Opinion: Information sharing works best if intel comes with an action plan
The ultimate goal of information sharing is to stop attacks and improve overall cybersecurity. For this to happen, however, threat information has to be accompanied by crisp, well-thought-out response plans.
The Internet makes everyone neighbors in cyberspace. But despite pockets of excellence online, the Web still requires a quality neighborhood watch program. And the current one is broken.
It's been more than 15 years since cyber information sharing became a government priority, relying heavily on a directive from President Bill Clinton. That order resulted in government information-sharing organizations and called on nonstate critical infrastructure sectors to create Information Sharing and Analysis Centers. After a decade and a half, sharing still falls short of what Clinton intended.
But even though sharing is difficult, it's not impossible. There are plenty of good examples for Congress to examine as it considers new information-sharing legislation that President Obama has advocated for in recent speeches and with an executive order signed at Stanford University last week.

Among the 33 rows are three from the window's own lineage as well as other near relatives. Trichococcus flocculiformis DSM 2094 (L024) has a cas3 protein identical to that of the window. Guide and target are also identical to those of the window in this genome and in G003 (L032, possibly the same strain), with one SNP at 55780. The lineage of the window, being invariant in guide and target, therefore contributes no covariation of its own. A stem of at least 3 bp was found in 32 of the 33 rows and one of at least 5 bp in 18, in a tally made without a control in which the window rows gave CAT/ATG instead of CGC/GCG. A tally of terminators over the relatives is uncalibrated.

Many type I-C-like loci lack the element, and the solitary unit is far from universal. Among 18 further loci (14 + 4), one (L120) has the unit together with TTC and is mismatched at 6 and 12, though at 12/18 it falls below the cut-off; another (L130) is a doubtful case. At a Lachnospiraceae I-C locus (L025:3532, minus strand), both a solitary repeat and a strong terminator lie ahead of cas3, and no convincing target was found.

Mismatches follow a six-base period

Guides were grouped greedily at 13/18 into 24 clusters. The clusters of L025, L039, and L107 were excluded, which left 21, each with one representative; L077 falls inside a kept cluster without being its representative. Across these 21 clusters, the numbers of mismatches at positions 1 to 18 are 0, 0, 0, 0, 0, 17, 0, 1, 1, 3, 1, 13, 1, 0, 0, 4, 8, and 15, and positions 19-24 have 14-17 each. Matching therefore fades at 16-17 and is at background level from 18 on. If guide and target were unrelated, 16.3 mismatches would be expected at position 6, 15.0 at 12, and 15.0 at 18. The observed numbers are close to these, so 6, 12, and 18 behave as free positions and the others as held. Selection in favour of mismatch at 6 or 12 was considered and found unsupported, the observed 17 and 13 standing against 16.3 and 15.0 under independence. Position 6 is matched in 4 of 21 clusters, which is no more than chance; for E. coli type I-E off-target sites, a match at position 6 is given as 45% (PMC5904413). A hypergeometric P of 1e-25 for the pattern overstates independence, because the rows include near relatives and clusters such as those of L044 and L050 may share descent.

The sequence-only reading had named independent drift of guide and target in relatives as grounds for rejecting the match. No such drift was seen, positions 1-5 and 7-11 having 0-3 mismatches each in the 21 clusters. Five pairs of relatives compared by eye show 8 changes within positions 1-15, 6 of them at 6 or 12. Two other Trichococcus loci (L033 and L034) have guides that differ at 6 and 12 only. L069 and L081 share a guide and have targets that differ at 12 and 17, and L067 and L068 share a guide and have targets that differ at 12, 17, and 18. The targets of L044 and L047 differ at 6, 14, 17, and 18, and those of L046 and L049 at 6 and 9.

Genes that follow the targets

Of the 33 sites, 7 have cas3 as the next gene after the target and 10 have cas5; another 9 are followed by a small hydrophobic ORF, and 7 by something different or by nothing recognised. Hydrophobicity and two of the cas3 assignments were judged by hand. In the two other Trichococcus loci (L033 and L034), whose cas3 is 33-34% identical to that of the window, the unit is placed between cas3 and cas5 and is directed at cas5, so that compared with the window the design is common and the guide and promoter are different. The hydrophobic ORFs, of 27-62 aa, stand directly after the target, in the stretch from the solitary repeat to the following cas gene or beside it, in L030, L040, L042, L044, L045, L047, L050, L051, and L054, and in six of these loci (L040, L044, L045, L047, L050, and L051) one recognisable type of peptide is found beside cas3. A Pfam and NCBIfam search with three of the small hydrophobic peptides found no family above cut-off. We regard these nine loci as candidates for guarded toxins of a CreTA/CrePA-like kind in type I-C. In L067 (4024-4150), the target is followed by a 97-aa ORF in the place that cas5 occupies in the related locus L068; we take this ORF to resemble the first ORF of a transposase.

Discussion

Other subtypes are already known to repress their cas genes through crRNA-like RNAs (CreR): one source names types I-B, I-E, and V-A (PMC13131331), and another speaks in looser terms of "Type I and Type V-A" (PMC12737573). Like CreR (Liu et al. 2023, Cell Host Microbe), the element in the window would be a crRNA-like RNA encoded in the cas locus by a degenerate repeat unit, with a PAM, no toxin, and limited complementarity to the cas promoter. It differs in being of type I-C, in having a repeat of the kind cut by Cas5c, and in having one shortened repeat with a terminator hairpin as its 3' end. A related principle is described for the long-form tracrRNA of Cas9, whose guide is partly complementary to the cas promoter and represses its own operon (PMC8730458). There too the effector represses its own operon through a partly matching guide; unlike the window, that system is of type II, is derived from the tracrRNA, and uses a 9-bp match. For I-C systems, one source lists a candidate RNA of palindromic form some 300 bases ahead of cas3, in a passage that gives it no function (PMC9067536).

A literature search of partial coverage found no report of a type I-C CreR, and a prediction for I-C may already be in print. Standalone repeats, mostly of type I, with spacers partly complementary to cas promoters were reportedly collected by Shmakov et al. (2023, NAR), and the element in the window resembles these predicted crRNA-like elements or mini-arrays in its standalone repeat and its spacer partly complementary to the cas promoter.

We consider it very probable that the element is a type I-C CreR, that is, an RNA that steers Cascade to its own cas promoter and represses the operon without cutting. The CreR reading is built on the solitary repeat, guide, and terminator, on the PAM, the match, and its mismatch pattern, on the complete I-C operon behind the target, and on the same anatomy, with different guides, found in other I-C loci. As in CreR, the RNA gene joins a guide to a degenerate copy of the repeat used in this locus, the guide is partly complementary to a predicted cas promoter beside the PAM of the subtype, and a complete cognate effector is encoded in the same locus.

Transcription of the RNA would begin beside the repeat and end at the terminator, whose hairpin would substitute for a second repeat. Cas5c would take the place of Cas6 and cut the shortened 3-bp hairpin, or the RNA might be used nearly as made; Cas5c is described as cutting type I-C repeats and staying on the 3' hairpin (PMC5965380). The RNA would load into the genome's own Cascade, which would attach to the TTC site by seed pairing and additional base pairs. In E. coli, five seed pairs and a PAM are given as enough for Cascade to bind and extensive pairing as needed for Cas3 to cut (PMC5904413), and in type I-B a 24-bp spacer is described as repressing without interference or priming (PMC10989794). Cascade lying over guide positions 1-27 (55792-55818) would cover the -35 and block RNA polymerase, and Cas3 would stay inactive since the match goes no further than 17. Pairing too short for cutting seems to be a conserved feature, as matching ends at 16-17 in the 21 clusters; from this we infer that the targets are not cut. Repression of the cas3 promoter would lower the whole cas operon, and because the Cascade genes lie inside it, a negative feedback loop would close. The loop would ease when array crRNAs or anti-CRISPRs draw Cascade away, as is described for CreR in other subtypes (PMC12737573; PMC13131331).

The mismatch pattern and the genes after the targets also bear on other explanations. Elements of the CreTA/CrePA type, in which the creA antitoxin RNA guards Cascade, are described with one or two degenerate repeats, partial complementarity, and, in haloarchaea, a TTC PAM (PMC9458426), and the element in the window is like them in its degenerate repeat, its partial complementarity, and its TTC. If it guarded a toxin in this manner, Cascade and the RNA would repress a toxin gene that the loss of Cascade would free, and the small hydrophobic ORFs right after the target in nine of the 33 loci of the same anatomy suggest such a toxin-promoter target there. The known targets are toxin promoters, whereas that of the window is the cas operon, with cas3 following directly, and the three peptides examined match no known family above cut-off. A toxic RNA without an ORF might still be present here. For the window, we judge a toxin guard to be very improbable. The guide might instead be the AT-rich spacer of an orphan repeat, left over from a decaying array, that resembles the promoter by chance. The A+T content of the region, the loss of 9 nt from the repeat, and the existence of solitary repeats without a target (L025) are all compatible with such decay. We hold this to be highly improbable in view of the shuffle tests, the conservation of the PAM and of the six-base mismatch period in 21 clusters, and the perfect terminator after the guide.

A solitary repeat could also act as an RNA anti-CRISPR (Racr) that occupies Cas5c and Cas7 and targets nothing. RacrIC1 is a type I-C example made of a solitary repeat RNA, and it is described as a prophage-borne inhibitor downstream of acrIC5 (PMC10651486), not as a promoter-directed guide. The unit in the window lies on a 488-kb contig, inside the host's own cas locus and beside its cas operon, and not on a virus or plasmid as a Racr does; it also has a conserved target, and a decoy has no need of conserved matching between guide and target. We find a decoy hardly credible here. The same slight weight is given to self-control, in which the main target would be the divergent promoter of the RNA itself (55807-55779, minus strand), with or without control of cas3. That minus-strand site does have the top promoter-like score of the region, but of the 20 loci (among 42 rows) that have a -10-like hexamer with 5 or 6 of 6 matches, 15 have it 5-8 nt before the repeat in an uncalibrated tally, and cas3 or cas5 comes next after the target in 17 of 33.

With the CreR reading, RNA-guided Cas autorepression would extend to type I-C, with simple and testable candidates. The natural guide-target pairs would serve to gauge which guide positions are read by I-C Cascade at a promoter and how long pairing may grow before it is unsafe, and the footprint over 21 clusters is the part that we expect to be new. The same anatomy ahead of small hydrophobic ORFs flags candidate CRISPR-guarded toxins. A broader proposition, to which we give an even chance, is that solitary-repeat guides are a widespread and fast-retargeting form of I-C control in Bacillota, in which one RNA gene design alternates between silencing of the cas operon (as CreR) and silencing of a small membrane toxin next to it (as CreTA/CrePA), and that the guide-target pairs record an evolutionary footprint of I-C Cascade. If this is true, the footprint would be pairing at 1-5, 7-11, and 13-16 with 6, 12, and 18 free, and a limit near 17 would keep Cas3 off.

Here are a few examples in which sharing works smoothly, at least most of the time:
One of the few truly successful examples of government sharing is the result of Obama's 2013 executive order to improve the cybersecurity of critical infrastructure. As a result of that, anytime the government discovers that an American company has been the victim of a hack, the new "default" action is for the Department of Homeland Security or the FBI to notify that company with enough details to identify the attack.